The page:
On the banks of the Irrawaddy River, Sister Patricia Nyein Chan (right) and a lay person help poor children write the Burmese alphabet. (ucanews.com photo)
A group of children gathered under a shady tree close to makeshift tents that provide shelter for poor people living on the banks of the Irrawaddy River in Mandalay.
Ranging from two to 14 years of age, it was one of three days when the kids get the chance to learn through an outreach program run by the local chapter of the Good Shepherd Sisters.
From Monday through Wednesday, Sister Patricia Nyein Chan and two co-workers meet the children and provide them with some basic education.
Sitting on a tarp, the two lay staff taught the basics of Burmese, mathematics and English to some of the older children. Sister Nyein helped those younger with writing the Burmese alphabet.
The nun said they first taught the kids through writing the alphabet in the dirt before they did it in books.
“It took around six months for the children to cope with learning in a non-formal manner and we are patient with them,” Sister Nyein told ucanews.com.
The outreach program is the first step in offering the children a chance for a better future, the nun said. On other days Sister Nyein’s group similarly teaches street kids at a railway station in Myanmar's former royal capital.
“We make friends with the parents and we build trust with them so that they will send their kids to take part in the outreach program,” said Sister Nyein, who has worked on the street kids program since 2017.
Personal hygiene and ethics are taught as well. It’s a steady process through the outreach program and it takes months to change their behavior, she said.
One of the girls, May Zin, said she learns from the nun and the lay people near the river because her parents couldn’t afford to send her to school. Through the outreach program the 12-year-old said she was happy learning the basics of Burmese, mathematics, how to write and even some English.
She is also seeking some practical skills. “I want to learn sewing to make a living for my family,” May Zin told ucanews.com.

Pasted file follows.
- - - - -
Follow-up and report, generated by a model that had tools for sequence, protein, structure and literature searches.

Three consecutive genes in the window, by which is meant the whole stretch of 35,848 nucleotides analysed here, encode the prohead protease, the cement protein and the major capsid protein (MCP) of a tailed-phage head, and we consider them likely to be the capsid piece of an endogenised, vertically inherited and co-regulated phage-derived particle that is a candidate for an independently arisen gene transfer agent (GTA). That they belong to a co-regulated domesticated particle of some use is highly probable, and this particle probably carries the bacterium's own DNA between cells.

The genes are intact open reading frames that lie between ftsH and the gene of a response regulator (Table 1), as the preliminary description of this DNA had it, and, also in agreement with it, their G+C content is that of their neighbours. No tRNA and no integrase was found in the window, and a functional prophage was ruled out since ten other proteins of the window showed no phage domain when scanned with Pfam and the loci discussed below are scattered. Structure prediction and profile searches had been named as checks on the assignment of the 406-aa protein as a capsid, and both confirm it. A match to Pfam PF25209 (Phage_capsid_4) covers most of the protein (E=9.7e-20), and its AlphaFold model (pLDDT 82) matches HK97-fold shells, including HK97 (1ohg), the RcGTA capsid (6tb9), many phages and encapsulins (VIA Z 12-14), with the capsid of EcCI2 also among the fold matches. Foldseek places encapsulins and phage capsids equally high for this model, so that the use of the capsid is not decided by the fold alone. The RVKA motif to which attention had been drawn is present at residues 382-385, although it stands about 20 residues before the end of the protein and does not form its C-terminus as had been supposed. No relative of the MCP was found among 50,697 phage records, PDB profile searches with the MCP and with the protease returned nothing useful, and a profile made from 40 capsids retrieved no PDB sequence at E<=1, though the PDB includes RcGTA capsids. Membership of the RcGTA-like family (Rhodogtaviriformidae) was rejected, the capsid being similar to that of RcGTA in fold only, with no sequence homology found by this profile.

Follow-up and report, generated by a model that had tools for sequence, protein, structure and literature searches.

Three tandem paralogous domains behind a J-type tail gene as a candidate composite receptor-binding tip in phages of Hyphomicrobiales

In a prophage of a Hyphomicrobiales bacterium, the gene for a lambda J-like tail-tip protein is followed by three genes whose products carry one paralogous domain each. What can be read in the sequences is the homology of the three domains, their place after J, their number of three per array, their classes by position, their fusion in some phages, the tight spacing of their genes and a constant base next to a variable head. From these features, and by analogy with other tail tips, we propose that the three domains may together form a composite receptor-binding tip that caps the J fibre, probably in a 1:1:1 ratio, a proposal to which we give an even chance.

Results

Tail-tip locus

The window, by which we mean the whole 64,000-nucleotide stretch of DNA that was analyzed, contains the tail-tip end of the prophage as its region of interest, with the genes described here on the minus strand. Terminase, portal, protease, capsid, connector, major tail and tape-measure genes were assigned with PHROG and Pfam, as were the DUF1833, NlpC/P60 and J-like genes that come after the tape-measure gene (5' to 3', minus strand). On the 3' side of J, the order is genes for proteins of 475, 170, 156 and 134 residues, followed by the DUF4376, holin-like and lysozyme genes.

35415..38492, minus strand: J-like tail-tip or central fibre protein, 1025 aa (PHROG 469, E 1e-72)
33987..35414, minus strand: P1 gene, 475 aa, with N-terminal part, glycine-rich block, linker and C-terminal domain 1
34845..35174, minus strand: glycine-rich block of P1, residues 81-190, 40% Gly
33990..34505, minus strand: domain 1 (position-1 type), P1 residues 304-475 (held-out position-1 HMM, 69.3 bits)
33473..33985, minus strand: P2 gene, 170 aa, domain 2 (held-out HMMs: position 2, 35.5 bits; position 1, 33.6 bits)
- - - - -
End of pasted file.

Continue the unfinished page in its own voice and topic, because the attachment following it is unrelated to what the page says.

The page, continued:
For May Zin this will be possible through the Good Shepherd sisters’ Child Empowerment program. Launched in mid-2016, the program provides temporary shelter, food, formal, non-formal and vocational training to girls at the nuns' center dedicated to the program.
Its ultimate goal is help girls become part of the mainstream society and have a better chance in life.
Lay staff lead children during a lesson along the banks of the Irrawaddy River in Mandalay. (ucanews.com photo)
The head of the program, Sister Emily Niang, said that while they offer the girls a family environment at the center, most don’t want to stay permanently. They are happier on the streets or they are forced by their parents to beg, she said.
“The parents know their children can get around 10,000 kyats (US$7) a day begging, so they don’t want school or pursuing vocational skills to get in the way of that,” Sister Nyan said.
Currently three girls off the street are pursuing a formal education and live in the nuns’ center while dozens come and go.
The center has a summer program for street kids who spend much of their day there Monday-Friday playing games, dancing, painting and watching videos.
Sister Niang said they are planning to accept more girls to live and learn at the center.
The Sisters of Our Lady of Charity of the Good Shepherd congregation was established in France in 1835 by St. Mary Euphrasia Pelletier.
The order was introduced to Myanmar in 1866. It currently has 51 nuns serving in five dioceses.
They also run day care centers for HIV-positive children and the children of parents living with HIV or drug addiction. They likewise care for women who are at risk of human trafficking.
Their mission includes prison ministry, social outreach and advocacy on human rights, gender equality, child rights, justice and peace.